July 24, 2006

Wedding Tux Survival Rules and How to Tie a Bow Tie

This week's column focuses on dinner jacket faux-pas and rules to follow if you're renting a one.

  • If there's a space at the back of the neck of your jacket, it doesn't fit you.

  • Try to rent one size smaller and, if that doesn't work, go for one-button jackets which are cut tighter.

  • Don't wear a cummerbund - do you really need something that's described in The Oxford Concise as a loin band. If you want to simplify the point where the pants and shirt meet, wear a satin sash...on second thought, forget about it.

  • Rent it if the body fits and the sleeves don't...sleeves can be adjusted.

  • Never rent the shirt.

  • Never show more than three buttons or studs on your shirt when your jacket is buttoned. It's supposed to be a shirt not an elevator control panel.

  • Frills never, pleats not good, plain front shirts just right.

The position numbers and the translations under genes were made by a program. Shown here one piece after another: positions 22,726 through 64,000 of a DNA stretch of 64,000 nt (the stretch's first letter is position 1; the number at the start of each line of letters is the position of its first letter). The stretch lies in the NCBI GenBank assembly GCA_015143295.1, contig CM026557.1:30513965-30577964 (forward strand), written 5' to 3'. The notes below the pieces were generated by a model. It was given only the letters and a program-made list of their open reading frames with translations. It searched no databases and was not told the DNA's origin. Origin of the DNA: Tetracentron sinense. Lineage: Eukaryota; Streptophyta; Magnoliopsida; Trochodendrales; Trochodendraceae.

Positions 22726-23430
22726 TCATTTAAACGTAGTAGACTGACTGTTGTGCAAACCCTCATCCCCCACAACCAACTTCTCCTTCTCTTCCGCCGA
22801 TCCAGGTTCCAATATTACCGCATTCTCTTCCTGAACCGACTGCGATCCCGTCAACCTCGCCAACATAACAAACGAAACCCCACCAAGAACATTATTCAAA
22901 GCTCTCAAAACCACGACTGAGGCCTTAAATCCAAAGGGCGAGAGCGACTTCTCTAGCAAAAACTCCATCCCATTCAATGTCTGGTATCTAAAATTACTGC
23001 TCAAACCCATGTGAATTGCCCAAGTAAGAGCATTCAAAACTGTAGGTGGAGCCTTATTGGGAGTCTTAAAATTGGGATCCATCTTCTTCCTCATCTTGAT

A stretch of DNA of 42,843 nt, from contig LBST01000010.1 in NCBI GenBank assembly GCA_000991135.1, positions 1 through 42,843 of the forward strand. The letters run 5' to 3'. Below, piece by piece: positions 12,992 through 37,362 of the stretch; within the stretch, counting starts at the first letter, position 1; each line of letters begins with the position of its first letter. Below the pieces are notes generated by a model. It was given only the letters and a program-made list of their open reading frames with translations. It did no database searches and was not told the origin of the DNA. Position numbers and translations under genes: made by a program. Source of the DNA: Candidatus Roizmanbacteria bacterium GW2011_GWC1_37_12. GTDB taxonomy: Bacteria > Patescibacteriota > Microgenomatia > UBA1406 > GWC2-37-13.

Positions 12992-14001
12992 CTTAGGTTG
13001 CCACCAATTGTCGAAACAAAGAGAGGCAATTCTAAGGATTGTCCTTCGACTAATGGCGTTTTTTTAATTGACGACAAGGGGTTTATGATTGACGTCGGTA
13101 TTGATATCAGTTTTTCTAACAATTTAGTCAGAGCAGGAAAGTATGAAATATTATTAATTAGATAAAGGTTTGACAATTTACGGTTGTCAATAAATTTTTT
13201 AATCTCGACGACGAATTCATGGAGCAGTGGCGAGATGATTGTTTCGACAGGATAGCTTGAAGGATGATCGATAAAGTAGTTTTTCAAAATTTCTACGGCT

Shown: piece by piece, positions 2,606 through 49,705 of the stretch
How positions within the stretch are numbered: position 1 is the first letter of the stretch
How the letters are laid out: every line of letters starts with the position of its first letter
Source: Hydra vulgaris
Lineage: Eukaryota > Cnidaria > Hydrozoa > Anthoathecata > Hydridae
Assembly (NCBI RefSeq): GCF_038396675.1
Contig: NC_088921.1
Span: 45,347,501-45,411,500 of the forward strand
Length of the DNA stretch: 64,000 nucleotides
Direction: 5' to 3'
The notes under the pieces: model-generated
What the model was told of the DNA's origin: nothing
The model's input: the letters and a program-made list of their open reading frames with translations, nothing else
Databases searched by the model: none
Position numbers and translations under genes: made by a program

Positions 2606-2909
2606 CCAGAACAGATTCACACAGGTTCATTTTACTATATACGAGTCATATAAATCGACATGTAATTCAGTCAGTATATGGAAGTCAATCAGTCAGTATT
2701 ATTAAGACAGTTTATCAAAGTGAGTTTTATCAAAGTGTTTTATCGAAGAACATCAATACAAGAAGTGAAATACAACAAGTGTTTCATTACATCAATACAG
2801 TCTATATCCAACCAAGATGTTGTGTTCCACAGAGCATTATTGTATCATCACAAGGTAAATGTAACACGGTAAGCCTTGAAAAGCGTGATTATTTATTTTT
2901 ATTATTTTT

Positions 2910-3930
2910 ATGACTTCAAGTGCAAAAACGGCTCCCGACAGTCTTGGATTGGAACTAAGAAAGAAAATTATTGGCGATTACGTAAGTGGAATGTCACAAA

• Belts or suspenders, neither. Your pants should fit you without either. Use the side tabs for comfort as the evening goes on.

  • Show an inch of cuff to flash the man bling.

  • Leave your regular wallet behind.

  • Bow ties are meant to be tied, long neck ties are meant to be worn at the office or with a day suit, aka business suit. A dark blue (preferable midnight blue) suit is perfect attire for a groom. Just pair it with the most elegant of ties: the Macclesfield - a tie with a repeating design of small circles.

  • With dinner jackets, white ties are for waiters, collecting the Nobel, and state dinners, and members of Duran Duran, unless you're marrying into royalty, stick with the black.

  • Wing collars look good on people trying to annex neighbouring countries, go with the more modern and softer turn-down.

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